The Russian renewable energy industry has not yet succeeded in breaking through into the domestic market despite its potential, particularly in remote Arctic settlements. This article examines broad issues that influence national policy-makers and provides an analysis of the type of objectives that are emphasized in Russian energy policies. It can be assumed that the priorities behind these objectives have a more stable status than more concrete plans to boost the use of renewables, since they often fail to materialize. In order to discover these priorities, I analyze several relevant policy-making documents with the help of public justification analysis, a method developed to examine public claims made in favor of a certain cause, and the commonly known values that the claim-makers refer to in order to convince others. This paper reveals that Russian energy policy documents tend to emphasize concrete, technical tasks over more abstract, holistic goals. In addition, industrial needs dominate all policies, even those related to socio-economic or environmental issues. I conclude that the tendencies listed above may prevent fundamental structural change in the Russian energy industry, despite the potential of renewable energy, especially in the Arctic regions.
  • Kaarakka, Lilli Matilda; Vaittinen, Janne; Marjanen, Mikael; Hellsten, Sofie; Kukkola, Mikko; Saarsalmi, Anna; Palviainen, Marjo Maarit; Helmisaari, Heljä-Sisko Marketta (2018)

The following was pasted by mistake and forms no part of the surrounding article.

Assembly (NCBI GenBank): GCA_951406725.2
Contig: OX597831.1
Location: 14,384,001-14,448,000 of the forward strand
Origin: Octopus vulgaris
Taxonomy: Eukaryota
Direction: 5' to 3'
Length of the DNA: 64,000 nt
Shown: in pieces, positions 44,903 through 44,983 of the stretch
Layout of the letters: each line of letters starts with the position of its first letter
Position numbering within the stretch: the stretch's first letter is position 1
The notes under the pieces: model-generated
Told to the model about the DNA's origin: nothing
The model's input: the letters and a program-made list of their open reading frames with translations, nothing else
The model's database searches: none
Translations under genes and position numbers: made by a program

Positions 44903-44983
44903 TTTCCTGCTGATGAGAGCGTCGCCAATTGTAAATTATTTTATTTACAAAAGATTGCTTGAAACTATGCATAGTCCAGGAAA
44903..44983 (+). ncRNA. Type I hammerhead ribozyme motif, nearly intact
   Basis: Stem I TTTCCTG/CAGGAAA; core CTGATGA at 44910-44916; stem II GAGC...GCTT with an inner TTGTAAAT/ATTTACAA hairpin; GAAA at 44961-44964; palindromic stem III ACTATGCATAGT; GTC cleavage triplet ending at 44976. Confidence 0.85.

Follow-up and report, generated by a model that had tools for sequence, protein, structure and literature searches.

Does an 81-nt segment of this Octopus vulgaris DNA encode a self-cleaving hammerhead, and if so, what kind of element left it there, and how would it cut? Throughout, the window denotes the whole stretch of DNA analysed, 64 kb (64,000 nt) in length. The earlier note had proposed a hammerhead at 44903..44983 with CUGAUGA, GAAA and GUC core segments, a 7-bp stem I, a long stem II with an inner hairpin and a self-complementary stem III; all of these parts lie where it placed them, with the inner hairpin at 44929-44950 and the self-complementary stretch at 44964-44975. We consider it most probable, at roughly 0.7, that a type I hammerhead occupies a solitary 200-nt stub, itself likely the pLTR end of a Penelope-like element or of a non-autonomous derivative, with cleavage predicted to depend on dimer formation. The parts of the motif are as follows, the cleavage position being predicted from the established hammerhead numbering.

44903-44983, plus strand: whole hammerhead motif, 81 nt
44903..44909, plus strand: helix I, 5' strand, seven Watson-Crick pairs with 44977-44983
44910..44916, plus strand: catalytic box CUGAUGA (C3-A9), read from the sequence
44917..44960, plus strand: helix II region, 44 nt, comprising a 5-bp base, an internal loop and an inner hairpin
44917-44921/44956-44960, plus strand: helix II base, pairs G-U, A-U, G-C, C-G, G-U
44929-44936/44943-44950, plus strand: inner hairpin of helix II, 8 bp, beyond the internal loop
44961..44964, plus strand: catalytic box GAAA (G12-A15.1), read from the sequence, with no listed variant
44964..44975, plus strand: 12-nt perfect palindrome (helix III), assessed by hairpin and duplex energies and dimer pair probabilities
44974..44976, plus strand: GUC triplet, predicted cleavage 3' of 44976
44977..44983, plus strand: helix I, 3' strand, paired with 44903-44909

Finland has a long tradition of utilizing forest-based biomass for energy and industry purposes and the use has steadily increased in the past decade due to changes in international and regional energy policies. Intensive harvesting practices, in which a larger proportion of the woody biomass is removed from the forest stand, are becoming more common. The objectives of this study were (i) to evaluate the spatial and temporal extent of soil surface disturbance caused by stump-root system harvesting and (ii) to quantify how much biomass and nitrogen is removed from the stand in stump and coarse root removal. The extent of surface disturbance was assessed in three clear-cut Norway spruce (Picea abies, (L.) Karst.) stands in southern and central Finland, differing in time since harvest. To determine the biomass distribution of the stump-root system, stumps and coarse roots were excavated at one of the experimental stands. Across all age classes (time since harvest) less soil surface had remained undisturbed at the stump harvesting sites (48%) than at the sites where only mechanical site preparation (72%) had been carried out. Thus, the findings of this study indicate that soil disturbance caused by stump harvesting can exist on forest soil surface for more than a decade following harvest. The total biomass of the stump-root system in the stand was estimated to 39.3 Mg ha-1 and 79% of this biomass was removed during stump harvesting and consequently, 8.3 Mg ha-1 of stump-root biomass remained in soil. The stump-root system accounted for 17% of the whole-tree biomass, and coarse roots and fine coarse roots represented a significant portion of it (73%). Thus, the stump-root system represents a large biomass component in boreal forest stands. However, forest management utilizing stumps may result in carbon losses from the stand.